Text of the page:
Figure it Out For Yourself

The  Buddha  was just some guy who got serious and figured it out for himself, so maybe that is his real teaching; that you can figure it for yourself.

Jed McKenna

Much of what is written from the perspective of religion and spirituality has given me little or no solace.  It most often strikes me as fantasies that have been elaborately constructed and forcefully imposed in order to stave off the possibility of death and nothingness: the more apparent reality for me. They have no power compared  with the groundless vacuum that they seek to mask, and my reflective mind will have nothing of the consolation they may provide.

it is through this realization that there is an awakening  to truth.

 

 

Not in Striving

I want to understand who I am (if anybody), and how I’m connected to the rest of it. And yes, I want to stop suffering and I want to help others stop suffering.

When I was in despair, time passed slowly, so slowly. Now it sweeps by faster and faster, gathering momentum; now the shortness of life stuns me.
— Susan Moon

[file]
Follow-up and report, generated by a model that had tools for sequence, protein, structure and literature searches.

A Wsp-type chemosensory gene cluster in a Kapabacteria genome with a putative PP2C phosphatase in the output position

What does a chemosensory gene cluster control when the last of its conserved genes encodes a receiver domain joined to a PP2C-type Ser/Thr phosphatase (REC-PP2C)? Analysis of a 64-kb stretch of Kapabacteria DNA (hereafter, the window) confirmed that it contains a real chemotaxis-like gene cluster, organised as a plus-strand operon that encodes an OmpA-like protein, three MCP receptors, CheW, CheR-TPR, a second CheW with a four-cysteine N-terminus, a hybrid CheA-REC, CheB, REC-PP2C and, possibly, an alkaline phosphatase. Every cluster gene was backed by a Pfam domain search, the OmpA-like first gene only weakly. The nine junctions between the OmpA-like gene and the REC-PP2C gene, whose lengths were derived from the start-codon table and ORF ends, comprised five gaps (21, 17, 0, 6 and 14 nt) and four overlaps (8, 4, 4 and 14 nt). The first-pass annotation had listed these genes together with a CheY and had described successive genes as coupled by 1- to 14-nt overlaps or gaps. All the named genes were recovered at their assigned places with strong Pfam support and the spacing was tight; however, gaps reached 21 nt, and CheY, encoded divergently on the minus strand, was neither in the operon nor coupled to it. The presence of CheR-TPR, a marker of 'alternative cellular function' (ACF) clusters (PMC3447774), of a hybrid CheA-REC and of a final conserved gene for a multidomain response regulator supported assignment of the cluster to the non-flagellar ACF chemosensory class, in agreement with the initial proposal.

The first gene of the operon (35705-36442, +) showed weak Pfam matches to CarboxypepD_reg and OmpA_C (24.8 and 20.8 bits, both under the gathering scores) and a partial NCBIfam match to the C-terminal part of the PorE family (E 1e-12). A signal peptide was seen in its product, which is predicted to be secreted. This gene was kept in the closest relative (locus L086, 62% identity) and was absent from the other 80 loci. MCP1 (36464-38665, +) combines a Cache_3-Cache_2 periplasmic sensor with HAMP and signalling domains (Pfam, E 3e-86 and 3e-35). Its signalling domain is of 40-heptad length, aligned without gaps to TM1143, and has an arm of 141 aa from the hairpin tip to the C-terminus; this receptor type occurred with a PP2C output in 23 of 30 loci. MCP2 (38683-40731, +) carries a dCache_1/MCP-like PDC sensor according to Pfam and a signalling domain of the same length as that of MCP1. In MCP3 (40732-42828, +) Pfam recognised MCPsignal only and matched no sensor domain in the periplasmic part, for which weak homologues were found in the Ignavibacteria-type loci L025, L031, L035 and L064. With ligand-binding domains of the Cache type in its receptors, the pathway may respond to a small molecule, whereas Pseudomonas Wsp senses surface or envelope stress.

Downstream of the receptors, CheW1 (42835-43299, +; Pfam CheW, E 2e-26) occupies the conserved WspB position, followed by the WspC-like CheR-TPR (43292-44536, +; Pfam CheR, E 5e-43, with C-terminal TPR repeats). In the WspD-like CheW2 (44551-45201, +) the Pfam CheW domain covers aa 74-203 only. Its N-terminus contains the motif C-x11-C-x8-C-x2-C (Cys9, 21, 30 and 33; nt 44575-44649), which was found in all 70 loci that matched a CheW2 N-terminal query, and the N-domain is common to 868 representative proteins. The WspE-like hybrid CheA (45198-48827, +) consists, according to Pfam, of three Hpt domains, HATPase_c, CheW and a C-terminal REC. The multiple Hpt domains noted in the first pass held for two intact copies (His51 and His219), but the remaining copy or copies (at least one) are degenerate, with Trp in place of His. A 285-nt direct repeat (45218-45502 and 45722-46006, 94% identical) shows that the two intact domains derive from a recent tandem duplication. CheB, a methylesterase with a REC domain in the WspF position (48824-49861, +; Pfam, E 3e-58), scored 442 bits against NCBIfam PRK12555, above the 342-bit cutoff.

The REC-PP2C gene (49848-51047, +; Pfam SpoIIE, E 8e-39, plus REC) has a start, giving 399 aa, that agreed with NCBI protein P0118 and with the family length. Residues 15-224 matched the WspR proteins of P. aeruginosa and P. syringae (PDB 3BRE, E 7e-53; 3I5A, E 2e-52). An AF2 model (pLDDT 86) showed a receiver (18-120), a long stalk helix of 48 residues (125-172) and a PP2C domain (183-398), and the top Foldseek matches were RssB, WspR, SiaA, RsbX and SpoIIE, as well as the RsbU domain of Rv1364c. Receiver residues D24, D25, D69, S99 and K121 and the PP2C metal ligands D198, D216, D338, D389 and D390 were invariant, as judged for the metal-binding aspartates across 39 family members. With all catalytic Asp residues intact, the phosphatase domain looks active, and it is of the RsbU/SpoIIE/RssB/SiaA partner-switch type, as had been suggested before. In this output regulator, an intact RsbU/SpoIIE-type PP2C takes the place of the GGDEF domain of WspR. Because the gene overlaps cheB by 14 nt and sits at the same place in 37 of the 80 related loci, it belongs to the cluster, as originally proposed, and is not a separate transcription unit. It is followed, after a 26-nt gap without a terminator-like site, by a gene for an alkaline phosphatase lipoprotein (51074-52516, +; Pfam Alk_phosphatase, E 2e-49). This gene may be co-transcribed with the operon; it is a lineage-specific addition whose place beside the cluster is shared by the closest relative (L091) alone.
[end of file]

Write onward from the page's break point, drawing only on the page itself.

It’s not in striving to improve or perfect myself or in effort to become something other or to change what I am that I am focused in my living despite the fact that it very often seems to be the focus of  others who follow Buddhist and other spiritual disciplines.  From those individuals,  I very often hear words that imply that one should be and act in a certain way and as well  I so often encounter a deferring to teachers and teachings that seems more to suggest that I should ignore a more direct and intimate experience and inner revelations. So often it is pursued in a way, it seems,  so that they might bring peace and a reduction in stress, with the intent that one might be better equipped to live a life as they have come to be molded and conditioned to do, so that they might better fit in or be more successful; ultimately, I surmise in the hope that one comes to be more content and accepting of one self. For me it is other wise, in that the way is more towards a way that is accepting of what I truly am illuminated by a way of being that I have forgotten myself to be of. It is in this that I am most aware of what is authentic,  or not, as it relates to my existence. In that awareness another quality of internal light provides guidance. And that is what I am most concerned about. I have no doubt that in that orientation to what is authentic of myself there is an experience of contentment that is not as we might imagine it to be. It is not of a conventional notion of what comfort and peace of mind might be however it is we might perceive it  to be and it does not seem to me that truth is discovered in striving for this ideal. It is more for me in the  search for truth and in that a shift has occurred that involves adjustment and acceptance of a way that involves endless, ongoing change and all the discomfort that this might bring that is inevitably a part of life and death and a new way of coping  and living and dyeing with that.